These days though, most companies offer at least semi-open architecture propositions through which clients may access a broad range of asset management solutions. In the extreme case of wrap, IFAs can have full control over how a client's assets are invested, either themselves or by using a specialist investment adviser.
But who controls the pricing of asset management? With the notable exception of companies such as Transact, the life and pensions sector continues to determine how much asset management should cost, despite the fact much of that management is outsourced to third parties.
When will it become fully understood there should be a fair market in retail asset management pricing and the current cartel-like pricing should not be allowed to persist? We should not overlook the obvious observation that where a life office or even a fund supermarket is negotiating terms with an asset management group, they are merely negotiating with IFAs' clients' money.
The provision of truly independent financial advice distils to a simple question of economics - at least in the areas of investment and pensions. By definition, these are areas requiring long-term financial planning and, as such, it seems a long-term servicing approach is required to fulfil the adviser's obligations. In assessing the impact, one must consider how remuneration patterns may come to match the associated workload.
Of course every firm will be different, but surely the adviser's long-term incentive to maintain the client relationship should be driven by the anticipated revenue associated with servicing that client through time? I believe high-quality advisers should soon find themselves able to retain at least 75 basis points trail commission once wrap platforms become more reasonably priced and we see a fall in the cost of retail asset management from the current inflated retail prices to semi-institutional levels.
We could argue all day about the detail but most IFAs seem to believe that properly servicing a client requires at least one full day of effort each year. Given there are 200 or so business days in the year and an adviser earning, say, even £80,000 a year might need to generate £125,000 to meet overhead costs - that adviser will need to bring in £600 a day to break even.
Remembering it takes at least a day to service a client and ignoring any initial fees or commission for now, that means the adviser's clients must have an average portfolio of at least £80,000 if the adviser is to meet their revenue requirement over the year. Even introducing these missing components, clients with less than £50,000 invested are unlikely to be appealing to good-quality advisers, at least in the short term.
So, given that backdrop, whose side are you on? No adviser - of any kind - can possibly act in the interests of any more than one party at once. It seems entirely clear financial advisers are no different and therefore IFAs must be acting either in the interests of product providers or in the interests of their clients. It just is not possible to deliver for both.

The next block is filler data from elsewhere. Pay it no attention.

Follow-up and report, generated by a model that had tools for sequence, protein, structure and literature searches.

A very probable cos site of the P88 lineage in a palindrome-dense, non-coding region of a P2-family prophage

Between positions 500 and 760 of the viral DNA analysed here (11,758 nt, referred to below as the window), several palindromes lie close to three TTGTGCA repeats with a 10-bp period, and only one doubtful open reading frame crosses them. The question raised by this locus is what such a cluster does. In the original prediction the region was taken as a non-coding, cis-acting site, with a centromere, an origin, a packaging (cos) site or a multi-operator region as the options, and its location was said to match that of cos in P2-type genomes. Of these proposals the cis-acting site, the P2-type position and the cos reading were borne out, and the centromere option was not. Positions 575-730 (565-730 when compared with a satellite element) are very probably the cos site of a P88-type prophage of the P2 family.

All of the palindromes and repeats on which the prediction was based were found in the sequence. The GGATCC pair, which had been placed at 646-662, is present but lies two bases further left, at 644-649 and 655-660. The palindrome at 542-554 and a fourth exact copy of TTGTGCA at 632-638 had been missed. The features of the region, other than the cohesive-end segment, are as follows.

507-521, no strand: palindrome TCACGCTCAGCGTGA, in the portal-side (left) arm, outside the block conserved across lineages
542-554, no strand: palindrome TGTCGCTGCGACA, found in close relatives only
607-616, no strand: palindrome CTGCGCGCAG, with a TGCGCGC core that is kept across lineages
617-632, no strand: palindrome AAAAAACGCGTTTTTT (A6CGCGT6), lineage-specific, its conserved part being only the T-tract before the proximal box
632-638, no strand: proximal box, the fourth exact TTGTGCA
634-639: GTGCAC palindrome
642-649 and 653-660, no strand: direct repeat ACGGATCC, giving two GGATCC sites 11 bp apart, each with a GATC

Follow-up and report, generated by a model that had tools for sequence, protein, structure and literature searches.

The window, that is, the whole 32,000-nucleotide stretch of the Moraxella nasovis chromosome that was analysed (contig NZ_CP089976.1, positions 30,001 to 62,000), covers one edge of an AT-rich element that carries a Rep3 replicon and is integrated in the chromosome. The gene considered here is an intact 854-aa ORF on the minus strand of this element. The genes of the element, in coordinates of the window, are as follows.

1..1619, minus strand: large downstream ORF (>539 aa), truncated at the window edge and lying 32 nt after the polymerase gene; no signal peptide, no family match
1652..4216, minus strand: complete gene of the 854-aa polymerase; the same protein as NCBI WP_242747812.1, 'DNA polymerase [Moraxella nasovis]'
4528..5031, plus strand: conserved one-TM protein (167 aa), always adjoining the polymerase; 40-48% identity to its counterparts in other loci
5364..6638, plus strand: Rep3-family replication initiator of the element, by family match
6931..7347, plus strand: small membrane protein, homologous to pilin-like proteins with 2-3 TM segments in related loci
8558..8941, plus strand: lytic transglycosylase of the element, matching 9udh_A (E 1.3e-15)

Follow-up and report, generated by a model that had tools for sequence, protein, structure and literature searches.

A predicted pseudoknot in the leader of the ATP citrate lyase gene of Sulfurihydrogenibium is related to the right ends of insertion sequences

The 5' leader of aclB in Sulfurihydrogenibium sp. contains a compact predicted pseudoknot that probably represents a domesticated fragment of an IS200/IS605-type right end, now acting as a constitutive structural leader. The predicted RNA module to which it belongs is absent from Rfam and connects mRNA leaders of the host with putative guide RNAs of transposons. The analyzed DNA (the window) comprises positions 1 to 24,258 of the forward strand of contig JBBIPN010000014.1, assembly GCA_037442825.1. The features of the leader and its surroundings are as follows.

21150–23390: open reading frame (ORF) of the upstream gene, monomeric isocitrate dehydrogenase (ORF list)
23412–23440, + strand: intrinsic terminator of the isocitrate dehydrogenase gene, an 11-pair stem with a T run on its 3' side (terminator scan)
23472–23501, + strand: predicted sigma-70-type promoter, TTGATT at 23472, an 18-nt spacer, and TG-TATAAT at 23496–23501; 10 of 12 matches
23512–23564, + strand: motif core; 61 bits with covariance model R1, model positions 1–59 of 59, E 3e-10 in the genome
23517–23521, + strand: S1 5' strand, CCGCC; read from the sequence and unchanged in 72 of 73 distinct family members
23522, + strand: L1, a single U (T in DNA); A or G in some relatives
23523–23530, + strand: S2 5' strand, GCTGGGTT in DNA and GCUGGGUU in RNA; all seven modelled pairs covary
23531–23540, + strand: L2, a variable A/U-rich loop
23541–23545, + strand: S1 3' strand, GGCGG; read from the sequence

In essence, do IFAs wish to take control or remain under control? Are you in the business of selling products or providing advice? Some will choose the industry side but, in my opinion, those advisers who continue to believe in the commission-led, transactional business model will come to be seen as a dying breed.
Increased costs of compliance and increasing competition from the banks, direct channels and maybe even from some of the large, historically IFA-led life offices will result in significant shrinkage in this part of the sector. The network model is dying and, when it finally succumbs, the business models of thousands of advisers may well die with it.
If one considers the general insurance market before the real emergence of the direct players, you will recall the reason for the success of companies such as Direct Line was they exposed the broker as little more than a value-destroying conduit to the insurer.
Given the increased commoditisation of albeit more complex investment products, the position will be mirrored and new business models will emerge to replace what is currently a significant part of the IFA market. Whether these are purely direct or include more para-planner type models remains to be seen but the existing structure funded by extravagant commission simply cannot be viable in the medium term.
Those who elect to work on behalf of clients will be the winners, provided they can demonstrate a command of their subject and continue to find more efficient ways of working. Clearly the adoption of wrap and the emergence of more advanced platforms provides IFAs with many opportunities to streamline their operations and to spend more time on client-facing, remuneration-creating work.
Given the ongoing real impact of Government policy in areas such as pensions and inheritance tax, there is no doubt consumer demand for high-quality financial advice will continue to grow. I also strongly expect this growth in demand will be accompanied by an increased understanding that, to benefit from high-quality advice, one should expect to have to pay for it - one way or another.
So the re-polarisation of the advice sector will certainly occur and will be along client value lines that in turn will be reflected in the quality of the advice being provided. This is simply a rational reflection of the economic reality that good advisers should be able to command a decent annual fee for providing ongoing advice."